At long last, Japan received a bit of bright news May 7, when it was announced that two sites in Japan, the historic Hiraizumi area in Iwate Prefecture and the Ogasawara Islands some 1,000 km south of Tokyo, were almost certain to be designated as World Heritage Sites at meetings next month of the UNESCO World Heritage Committee in Paris.

The Hiraizumi area, seat of the Oshu Fujiwara family in the 11th and 12th centuries and the site of the Buddhist temple Chusonji — famous for its Golden Hall (Konjikido) — would be Japan's 12th cultural heritage site, while the Ogasawara Islands, often called the "Galapagos of the East" for the many unique species found there, would be the nation's fourth natural heritage site. Local authorities particularly hope that the designation of Hiraizumi, the first cultural heritage site in the Tohoku region, can serve as an impetus for recovery from the March 11 quake and tsunami.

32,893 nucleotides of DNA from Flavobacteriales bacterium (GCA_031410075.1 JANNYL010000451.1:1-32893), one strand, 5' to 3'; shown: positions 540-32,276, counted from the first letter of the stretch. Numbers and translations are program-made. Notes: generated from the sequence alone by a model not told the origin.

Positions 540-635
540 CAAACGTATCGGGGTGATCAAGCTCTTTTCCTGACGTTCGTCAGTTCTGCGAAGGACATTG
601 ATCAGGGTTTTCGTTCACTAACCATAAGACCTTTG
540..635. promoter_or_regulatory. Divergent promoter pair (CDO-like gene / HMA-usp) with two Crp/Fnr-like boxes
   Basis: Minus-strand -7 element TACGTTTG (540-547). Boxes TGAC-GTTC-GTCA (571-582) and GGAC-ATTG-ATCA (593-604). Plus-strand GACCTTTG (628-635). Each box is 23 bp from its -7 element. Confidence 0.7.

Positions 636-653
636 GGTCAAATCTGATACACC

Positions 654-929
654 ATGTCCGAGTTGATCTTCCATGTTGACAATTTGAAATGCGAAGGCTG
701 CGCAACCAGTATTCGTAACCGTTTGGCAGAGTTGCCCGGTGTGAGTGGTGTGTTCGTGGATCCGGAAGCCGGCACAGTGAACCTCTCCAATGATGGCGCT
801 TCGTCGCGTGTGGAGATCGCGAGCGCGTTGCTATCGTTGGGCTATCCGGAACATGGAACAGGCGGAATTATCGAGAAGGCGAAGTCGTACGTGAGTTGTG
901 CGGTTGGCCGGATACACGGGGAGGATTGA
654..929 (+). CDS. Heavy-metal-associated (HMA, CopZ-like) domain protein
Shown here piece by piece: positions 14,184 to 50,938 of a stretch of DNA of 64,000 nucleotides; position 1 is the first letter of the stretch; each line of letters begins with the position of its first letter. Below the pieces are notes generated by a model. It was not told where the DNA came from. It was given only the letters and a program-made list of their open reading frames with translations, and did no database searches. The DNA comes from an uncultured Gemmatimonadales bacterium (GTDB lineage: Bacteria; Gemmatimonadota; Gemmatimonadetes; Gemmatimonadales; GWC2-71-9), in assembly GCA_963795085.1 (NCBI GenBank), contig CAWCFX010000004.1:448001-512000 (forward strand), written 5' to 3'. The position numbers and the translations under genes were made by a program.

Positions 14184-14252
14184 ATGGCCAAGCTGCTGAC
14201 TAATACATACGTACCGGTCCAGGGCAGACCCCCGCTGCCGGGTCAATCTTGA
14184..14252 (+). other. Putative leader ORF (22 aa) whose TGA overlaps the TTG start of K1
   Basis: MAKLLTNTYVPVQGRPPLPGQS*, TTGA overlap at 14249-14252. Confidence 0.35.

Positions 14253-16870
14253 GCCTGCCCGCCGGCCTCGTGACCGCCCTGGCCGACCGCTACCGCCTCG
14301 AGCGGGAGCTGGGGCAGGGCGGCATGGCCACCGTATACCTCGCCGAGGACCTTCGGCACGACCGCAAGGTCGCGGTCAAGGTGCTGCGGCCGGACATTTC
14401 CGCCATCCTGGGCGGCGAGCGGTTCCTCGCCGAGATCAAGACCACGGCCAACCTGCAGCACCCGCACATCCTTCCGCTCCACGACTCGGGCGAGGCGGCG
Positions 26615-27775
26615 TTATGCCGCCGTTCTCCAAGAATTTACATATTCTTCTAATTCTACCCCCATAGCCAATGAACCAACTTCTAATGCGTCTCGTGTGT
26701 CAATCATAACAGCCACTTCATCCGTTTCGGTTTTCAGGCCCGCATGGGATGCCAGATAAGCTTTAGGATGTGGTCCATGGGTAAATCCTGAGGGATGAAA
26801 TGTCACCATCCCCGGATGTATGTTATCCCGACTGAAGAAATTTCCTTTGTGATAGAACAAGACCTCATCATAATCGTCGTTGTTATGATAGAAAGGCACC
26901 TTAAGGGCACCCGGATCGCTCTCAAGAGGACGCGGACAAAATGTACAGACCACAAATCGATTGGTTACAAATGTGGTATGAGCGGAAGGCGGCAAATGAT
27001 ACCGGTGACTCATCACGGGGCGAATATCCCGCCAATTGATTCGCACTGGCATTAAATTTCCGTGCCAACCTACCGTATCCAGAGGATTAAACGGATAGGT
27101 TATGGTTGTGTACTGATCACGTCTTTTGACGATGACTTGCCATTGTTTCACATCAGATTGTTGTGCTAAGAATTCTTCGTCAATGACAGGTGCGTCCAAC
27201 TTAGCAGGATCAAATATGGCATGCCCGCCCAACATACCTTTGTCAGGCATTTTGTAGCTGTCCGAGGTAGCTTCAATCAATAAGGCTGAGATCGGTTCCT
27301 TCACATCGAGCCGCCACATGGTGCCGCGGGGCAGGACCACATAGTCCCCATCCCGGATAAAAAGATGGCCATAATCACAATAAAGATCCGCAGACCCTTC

Even though the Hiraizumi area, located inland, suffered little direct damage in the disaster, visitors to the area are down sharply — Golden Week tourists to Hiraizumicho totaled 49,500, a drop of 85 percent from the previous year.